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The aim of the study was to investigate the effects of rat housing conditions-standard conditions, social isolation, environmental enrichment-and the subsequent reversal of these conditions on the vulnerability of the gastric mucosa to ulcerogenic stimuli, somatic pain sensitivity, and treadmill work capacity. Rats, aged 30 days, were placed in standard conditions (SC), social isolation (Is), and environmental enrichment (EE) for 4 weeks. Then half of each group underwent a reversal of housing conditions: SC rats were moved to Is, Is rats were placed in EE, EE rats were moved to Is, for 2 weeks. The other half served as a control with no change in their initial housing. Two weeks after the reversal, vulnerability of the gastric mucosa to ulcerogenic action of indomethacin (IM, 35 mg/kg, sc), somatic pain sensitivity (hot plate test), and work capacity (measured by the running distance on a treadmill) were assessed in control and reversed groups. Social isolation induced a proulcerogenic effect, increasing IM-induced gastric erosions, which was effectively reversed when rats were transferred to an environmental enrichment. Conversely, transferring rats from an environmental enrichment to social isolation exacerbated ulcerogenic action of IM. Somatic pain sensitivity and treadmill work capacity were also influenced by housing conditions, with environmental enrichment showing positive effects. The present findings show that social isolation of rats induces a proulcerogenic effect. Environmental enrichment reverses proulcerogenic action of social isolation on the gastric mucosa and increases resilience to pain stimuli and treadmill work capacity. © 2024. The Author(s), under exclusive licence to Springer Nature Switzerland AG.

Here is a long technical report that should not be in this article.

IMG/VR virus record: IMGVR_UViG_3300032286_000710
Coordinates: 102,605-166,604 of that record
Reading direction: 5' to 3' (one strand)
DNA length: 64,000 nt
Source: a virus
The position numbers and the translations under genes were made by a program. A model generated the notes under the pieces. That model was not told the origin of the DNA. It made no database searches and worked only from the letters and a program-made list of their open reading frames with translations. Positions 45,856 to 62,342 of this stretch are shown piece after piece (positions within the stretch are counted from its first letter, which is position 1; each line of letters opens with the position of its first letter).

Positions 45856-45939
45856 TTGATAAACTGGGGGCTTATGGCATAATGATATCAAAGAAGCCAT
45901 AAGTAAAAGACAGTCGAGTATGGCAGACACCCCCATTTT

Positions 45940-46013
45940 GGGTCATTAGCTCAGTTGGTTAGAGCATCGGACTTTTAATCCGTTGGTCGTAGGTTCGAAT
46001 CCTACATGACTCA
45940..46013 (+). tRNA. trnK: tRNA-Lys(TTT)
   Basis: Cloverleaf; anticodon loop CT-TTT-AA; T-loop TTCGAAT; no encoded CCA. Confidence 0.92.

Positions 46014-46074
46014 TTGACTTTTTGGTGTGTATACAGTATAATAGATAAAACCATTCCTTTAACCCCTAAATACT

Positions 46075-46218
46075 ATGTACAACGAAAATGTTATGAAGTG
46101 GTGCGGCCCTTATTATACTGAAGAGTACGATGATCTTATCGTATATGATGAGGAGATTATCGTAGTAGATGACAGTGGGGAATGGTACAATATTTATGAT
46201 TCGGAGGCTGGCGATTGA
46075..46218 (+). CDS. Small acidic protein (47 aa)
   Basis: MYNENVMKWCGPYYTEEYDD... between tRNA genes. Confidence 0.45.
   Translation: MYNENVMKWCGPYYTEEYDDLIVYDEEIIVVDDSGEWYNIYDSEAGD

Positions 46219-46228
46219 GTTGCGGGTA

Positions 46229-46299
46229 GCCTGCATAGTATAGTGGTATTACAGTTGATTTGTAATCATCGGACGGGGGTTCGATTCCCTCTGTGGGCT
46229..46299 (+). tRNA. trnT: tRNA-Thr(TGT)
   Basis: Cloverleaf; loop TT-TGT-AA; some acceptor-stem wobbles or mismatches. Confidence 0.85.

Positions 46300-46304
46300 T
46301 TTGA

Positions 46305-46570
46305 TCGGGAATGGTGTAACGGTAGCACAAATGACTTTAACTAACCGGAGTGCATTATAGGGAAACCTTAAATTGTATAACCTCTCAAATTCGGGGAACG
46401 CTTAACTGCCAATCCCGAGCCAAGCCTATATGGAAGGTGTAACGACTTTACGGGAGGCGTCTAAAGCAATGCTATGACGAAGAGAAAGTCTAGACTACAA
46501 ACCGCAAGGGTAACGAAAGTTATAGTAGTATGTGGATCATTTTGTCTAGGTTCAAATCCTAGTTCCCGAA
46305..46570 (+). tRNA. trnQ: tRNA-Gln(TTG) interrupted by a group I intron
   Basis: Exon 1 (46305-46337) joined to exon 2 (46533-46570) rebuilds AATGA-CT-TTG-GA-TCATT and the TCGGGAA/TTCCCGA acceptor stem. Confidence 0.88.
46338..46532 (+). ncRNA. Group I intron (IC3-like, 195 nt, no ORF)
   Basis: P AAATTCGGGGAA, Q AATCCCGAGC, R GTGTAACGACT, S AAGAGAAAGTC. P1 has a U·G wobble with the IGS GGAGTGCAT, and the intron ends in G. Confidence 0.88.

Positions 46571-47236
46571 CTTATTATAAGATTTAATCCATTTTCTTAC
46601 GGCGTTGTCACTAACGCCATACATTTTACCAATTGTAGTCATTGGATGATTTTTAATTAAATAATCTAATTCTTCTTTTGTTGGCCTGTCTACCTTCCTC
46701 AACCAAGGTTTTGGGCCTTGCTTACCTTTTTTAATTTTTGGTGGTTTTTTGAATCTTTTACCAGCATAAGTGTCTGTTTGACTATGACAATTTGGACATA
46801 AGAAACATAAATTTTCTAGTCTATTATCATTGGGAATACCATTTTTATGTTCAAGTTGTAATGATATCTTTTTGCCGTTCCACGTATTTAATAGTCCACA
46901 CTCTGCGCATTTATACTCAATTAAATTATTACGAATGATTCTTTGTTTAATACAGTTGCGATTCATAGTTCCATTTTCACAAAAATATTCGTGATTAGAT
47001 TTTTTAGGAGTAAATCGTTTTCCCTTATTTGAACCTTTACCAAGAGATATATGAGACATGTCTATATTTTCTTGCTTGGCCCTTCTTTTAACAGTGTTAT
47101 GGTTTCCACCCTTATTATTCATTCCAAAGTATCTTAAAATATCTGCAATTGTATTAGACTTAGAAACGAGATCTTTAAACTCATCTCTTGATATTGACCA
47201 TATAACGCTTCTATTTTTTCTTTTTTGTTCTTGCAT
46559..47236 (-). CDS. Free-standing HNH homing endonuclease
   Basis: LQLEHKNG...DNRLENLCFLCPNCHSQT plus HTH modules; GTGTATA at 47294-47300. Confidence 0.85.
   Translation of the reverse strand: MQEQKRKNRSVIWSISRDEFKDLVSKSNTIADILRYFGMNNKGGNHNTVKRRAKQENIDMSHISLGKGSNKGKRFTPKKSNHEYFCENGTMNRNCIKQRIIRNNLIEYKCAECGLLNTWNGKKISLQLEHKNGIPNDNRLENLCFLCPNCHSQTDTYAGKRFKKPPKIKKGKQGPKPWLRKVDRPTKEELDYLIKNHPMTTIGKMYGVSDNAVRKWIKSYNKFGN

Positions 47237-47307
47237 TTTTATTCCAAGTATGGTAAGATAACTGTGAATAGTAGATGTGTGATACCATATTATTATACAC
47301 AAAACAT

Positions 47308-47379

Citation

Ludmila P Filaretova, Olga P Komkova, Olga Yu Morozova, Polina V Punina, Natalia I Yarushkina. Environmental enrichment reverses proulcerogenic action of social isolation on the gastric mucosa and positively influences pain sensitivity and work capacity. Inflammopharmacology. 2024 Apr;32(2):909-915

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PMID: 38492182

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